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April 20, 2011

Dating Sites: Should They Be Held Responsible?

Topics: General Health, News and Commentary

Following the filing of a suit against Match.com by a woman who claims that a date with a man she met through their service went horribly wrong and that she was raped, three primary questions have emerged: Are dating sites safe, should dating sites be responsible for checking for sex offenders, and when things go wrong should they be made to pay up?

From the Wall Street Journal:

You go on one of these dating sites, and meet a guy who seems alright. You meet up for a first date and have a good enough time. On the second date, however, things go horribly awry. The long and the short: he follows you home after the date and proceeds to sexually assault you.

Question: Do you have a valid cause of action against the dating site?

Although it now seems only logical and necessary that a dating site would be responsible for checking to see if a member is a sexual predator or has a criminal record, it's actually a big step forward in the world of online dating. As pointed out at PRWeb, two previous problems prevented this important safety procedure from happening: failings of the technology and the risk of bad PR:
In the past, the sex offender data quality and matching technology was too unreliable to trust. The chances of incorrect matching, either positive or negative, were far too high.

Perhaps due to the lack of accuracy, dating sites became afraid of the PR possibilities - and being called out for having sex offenders among their members, or incorrectly identifying members as sex offenders when they are not.

Now, companies such as MegansLaw.com provide extremely accurate, updated and complete sex offender data, as well as robust and rapid ways of matching membership databases. As such, many major dating sites have realized that the liability is likely far greater if they don't check for offenders.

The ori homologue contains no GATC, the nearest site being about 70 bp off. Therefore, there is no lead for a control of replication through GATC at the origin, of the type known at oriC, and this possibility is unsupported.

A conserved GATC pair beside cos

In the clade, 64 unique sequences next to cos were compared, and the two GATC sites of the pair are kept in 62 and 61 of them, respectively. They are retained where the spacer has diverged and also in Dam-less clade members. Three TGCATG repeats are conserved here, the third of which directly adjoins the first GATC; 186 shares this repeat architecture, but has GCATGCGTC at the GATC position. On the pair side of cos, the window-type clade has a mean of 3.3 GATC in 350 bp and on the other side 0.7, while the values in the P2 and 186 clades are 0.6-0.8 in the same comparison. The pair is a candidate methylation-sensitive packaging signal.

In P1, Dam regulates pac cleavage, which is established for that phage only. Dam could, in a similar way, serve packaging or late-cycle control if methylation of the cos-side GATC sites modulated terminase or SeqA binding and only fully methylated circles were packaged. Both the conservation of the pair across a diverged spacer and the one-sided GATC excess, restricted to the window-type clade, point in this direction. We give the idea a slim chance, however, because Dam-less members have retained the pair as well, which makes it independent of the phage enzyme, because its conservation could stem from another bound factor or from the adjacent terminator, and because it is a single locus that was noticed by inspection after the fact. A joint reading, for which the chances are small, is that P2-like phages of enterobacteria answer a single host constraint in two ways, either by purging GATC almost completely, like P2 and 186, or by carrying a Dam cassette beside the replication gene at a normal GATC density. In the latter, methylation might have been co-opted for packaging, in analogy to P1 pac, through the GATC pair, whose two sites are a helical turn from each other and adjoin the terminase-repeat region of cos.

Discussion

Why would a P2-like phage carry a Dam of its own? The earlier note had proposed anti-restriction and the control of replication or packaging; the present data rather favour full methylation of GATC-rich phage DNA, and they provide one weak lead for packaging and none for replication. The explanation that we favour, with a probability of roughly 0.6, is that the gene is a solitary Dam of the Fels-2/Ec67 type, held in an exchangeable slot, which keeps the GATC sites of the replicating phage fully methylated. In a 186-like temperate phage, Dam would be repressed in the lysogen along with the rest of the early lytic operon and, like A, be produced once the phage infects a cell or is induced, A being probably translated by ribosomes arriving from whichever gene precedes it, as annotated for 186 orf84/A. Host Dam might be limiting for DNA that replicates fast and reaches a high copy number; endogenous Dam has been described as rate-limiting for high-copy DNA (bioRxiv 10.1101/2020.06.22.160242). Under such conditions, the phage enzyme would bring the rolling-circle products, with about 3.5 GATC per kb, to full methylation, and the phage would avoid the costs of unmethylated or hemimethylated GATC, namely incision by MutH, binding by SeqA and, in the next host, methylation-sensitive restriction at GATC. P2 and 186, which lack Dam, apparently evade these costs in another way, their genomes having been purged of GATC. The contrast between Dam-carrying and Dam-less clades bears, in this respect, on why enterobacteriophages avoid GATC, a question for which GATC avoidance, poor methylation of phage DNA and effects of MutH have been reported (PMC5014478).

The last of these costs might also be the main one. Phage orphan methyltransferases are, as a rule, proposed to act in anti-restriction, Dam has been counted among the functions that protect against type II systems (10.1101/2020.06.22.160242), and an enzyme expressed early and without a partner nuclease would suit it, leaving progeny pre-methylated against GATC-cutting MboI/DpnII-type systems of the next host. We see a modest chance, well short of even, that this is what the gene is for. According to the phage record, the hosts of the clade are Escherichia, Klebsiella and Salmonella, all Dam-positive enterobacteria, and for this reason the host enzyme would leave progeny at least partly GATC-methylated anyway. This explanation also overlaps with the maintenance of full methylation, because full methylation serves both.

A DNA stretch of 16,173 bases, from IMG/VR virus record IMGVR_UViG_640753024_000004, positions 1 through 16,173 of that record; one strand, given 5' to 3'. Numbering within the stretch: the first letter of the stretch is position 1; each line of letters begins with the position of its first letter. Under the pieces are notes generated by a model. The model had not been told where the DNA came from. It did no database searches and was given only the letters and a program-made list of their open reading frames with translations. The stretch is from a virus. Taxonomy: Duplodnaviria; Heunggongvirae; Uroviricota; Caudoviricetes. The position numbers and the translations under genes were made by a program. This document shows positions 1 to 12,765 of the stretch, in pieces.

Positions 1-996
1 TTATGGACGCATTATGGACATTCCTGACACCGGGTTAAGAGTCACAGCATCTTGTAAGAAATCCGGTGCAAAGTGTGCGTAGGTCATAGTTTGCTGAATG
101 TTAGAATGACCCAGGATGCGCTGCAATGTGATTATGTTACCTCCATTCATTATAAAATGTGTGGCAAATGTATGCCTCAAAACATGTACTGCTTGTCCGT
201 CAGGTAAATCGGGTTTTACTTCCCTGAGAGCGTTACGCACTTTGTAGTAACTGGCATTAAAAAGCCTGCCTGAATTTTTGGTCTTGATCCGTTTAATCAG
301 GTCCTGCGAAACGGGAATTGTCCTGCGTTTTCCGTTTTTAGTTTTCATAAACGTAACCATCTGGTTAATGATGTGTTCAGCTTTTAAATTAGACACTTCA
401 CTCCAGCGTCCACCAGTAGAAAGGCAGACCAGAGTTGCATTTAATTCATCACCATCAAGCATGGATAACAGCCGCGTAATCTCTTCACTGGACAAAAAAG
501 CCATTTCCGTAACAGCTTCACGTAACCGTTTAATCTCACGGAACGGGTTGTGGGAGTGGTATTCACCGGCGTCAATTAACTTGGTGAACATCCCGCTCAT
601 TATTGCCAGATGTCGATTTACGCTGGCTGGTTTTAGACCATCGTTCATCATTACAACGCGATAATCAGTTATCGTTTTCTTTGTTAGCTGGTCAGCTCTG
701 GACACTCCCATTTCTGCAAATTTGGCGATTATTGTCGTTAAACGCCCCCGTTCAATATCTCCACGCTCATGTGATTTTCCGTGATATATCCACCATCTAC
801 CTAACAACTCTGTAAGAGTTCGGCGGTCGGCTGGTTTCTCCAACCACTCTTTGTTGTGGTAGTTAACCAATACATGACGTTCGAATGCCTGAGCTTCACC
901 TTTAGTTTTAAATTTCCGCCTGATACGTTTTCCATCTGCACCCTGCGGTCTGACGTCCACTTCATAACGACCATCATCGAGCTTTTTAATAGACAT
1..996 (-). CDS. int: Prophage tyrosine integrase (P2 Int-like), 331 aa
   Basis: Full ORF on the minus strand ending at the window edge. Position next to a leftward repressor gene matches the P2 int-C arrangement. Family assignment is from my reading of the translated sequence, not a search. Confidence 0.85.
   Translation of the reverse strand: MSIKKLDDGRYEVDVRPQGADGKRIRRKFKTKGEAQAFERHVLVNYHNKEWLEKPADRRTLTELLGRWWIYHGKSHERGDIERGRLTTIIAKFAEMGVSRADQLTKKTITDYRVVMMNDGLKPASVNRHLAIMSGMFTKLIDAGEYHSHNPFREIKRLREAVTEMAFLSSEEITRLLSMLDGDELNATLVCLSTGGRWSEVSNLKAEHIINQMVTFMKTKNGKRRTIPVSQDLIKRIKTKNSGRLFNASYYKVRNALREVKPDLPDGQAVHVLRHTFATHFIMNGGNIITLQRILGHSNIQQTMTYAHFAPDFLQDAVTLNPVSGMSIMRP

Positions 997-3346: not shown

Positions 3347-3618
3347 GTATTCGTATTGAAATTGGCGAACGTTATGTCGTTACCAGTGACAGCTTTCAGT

To some, this is just common sense. The sex offender registry exists for a good reason, and people do not get placed on there without cause. To not use such valuable information in a logical and protective way, dating sites are risking a far greater liability. MegansLaw.com has been providing services to large social networks and provides a real time solution.

So with companies like MegansLaw.com now in existence, and with them extremely accurate, updated and complete sex offender data is readily available, it would seem that dating sites should indeed be responsible for checking members against sex offender and criminal record lists. And meeting people on sites that perform such checks is at least as safe as meeting strangers in person, and perhaps in some instances, safer. However,as suggested over at Pet Bird Interaction, the safety of dating online on dating sites really depends on the person looking for a date.
Many people who are up for mischief will usually want a quick relation and make fast moves to get them, so all you need to do is to not rush into anything and take each conversation slowly and think and get to know the person properly before committing to them. Also Google their name to find out any news available about them, this may seem as a sign of insecurity but its better than not knowing at all.
And, of course, you can always check at MegansLaw.com yourself.

As for whether or not a dating site should pay up when things go horribly wrong, for now that's up for a jury to decide. In the meanwhile it's a matter of opinion. What's yours?

Posted by Richard at April 20, 2011 7:13 AM


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